Researchers believe this technology could potentially save 90 million animals
Researchers are developing smartphone-sized microchips replicating human lungs, liver and other organs. These will mimic the human body's reaction to new drugs. They will also study the responses of the body to substances inhaled, absorbed in the gut or circulated through the bloodstream.
They are branded as 'human on a chip' and developers hope to create 'human farms' to replace the controversial technique of live animal testing.
The 'humans-on-a-chip' are comprised of several hundred different artificial organs. These organs work together to replicate an organic body functioning of a live human. These can be utilised to test everything from cosmetic products to the latest cancer drugs. The new system would save 90 million animals, which are being used every year as test subjects in clinical trials.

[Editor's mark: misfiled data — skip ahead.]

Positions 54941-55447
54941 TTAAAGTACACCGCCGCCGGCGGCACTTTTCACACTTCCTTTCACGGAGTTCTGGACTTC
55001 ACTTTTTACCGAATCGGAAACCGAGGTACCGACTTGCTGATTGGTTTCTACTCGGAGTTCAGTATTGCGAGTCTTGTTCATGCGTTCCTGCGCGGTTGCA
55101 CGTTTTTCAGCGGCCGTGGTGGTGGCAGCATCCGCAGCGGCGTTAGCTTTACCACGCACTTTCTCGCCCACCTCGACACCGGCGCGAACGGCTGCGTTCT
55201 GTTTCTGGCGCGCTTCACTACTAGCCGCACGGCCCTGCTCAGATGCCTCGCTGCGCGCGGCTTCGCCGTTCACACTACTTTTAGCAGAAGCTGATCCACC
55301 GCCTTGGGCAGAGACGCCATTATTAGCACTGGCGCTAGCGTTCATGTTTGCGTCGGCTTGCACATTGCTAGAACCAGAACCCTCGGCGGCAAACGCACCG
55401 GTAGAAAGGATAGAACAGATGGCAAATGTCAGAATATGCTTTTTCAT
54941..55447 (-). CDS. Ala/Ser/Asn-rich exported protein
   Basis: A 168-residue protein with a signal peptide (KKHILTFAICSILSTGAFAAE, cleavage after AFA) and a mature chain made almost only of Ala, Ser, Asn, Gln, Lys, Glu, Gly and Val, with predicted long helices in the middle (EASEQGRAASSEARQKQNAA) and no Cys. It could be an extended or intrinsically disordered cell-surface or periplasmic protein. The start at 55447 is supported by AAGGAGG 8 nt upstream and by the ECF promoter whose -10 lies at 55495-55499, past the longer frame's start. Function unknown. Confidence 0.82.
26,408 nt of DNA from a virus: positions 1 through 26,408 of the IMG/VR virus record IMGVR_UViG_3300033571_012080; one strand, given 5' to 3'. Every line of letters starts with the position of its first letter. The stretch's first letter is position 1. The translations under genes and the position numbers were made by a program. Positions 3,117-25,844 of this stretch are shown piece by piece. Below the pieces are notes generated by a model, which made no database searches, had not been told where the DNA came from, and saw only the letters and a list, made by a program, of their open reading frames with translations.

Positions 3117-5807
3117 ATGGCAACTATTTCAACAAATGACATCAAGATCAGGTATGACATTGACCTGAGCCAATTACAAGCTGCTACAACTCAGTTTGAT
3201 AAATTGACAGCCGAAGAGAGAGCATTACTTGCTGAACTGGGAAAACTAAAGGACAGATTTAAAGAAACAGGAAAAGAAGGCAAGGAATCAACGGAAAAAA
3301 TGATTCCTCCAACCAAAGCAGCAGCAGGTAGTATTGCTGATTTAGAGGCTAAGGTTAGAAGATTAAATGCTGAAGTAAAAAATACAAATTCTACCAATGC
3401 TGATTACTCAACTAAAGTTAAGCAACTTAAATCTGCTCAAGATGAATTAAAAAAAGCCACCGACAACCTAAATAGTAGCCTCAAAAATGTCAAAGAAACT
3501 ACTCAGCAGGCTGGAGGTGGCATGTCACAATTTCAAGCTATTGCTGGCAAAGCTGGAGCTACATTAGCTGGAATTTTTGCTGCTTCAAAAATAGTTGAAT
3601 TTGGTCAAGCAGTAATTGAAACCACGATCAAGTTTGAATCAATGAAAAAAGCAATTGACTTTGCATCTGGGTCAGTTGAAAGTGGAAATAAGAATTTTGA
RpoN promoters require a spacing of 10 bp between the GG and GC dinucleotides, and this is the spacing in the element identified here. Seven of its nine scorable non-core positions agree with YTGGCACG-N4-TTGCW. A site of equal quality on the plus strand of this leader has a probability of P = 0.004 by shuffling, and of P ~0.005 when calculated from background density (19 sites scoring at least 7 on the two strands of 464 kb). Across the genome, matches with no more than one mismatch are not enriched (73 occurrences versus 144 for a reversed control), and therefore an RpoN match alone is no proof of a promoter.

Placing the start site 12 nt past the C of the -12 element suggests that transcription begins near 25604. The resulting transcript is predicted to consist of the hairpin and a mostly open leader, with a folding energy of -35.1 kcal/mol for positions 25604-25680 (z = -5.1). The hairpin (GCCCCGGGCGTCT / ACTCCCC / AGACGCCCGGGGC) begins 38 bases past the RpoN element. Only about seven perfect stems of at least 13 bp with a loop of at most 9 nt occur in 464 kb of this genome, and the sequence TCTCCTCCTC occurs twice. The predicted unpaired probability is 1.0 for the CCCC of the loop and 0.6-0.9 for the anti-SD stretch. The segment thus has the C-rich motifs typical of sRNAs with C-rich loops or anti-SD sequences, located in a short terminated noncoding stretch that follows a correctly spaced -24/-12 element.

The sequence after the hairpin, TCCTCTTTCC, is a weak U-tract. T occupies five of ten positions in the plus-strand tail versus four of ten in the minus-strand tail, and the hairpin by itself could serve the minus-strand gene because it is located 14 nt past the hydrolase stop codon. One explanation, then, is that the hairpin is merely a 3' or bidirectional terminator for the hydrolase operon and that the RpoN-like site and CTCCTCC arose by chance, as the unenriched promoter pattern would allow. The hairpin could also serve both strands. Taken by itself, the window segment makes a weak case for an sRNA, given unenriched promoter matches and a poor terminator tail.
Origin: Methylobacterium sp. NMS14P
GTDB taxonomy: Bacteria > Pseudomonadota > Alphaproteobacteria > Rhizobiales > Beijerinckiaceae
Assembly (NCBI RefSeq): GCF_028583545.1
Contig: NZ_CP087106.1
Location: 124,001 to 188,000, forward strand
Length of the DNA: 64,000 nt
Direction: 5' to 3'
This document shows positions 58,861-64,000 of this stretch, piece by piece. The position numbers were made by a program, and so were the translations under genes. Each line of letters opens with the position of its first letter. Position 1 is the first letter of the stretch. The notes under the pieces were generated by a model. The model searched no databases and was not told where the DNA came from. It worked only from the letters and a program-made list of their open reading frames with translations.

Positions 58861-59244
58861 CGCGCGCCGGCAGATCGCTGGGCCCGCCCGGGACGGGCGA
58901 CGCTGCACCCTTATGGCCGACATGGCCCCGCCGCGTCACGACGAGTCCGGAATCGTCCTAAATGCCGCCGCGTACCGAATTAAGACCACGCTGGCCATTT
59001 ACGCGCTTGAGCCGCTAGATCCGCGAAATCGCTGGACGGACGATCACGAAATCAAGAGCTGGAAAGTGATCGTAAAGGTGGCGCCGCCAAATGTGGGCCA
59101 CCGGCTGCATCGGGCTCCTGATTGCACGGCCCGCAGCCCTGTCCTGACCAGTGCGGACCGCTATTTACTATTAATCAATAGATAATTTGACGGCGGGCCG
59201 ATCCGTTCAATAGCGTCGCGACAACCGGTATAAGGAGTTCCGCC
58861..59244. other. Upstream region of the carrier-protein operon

Researchers claim that this technology could be available within three years.
"If our system is approved by the regulators, then it will close down most of the animal-testing laboratories worldwide," said Mr Uwe Marx, a tissue engineer from Technische Universitat, Berlin and founder of TissUse, a firm developing the technology.
This will also help in avoiding unforeseen effects, which are not detected during clinical trials on animals.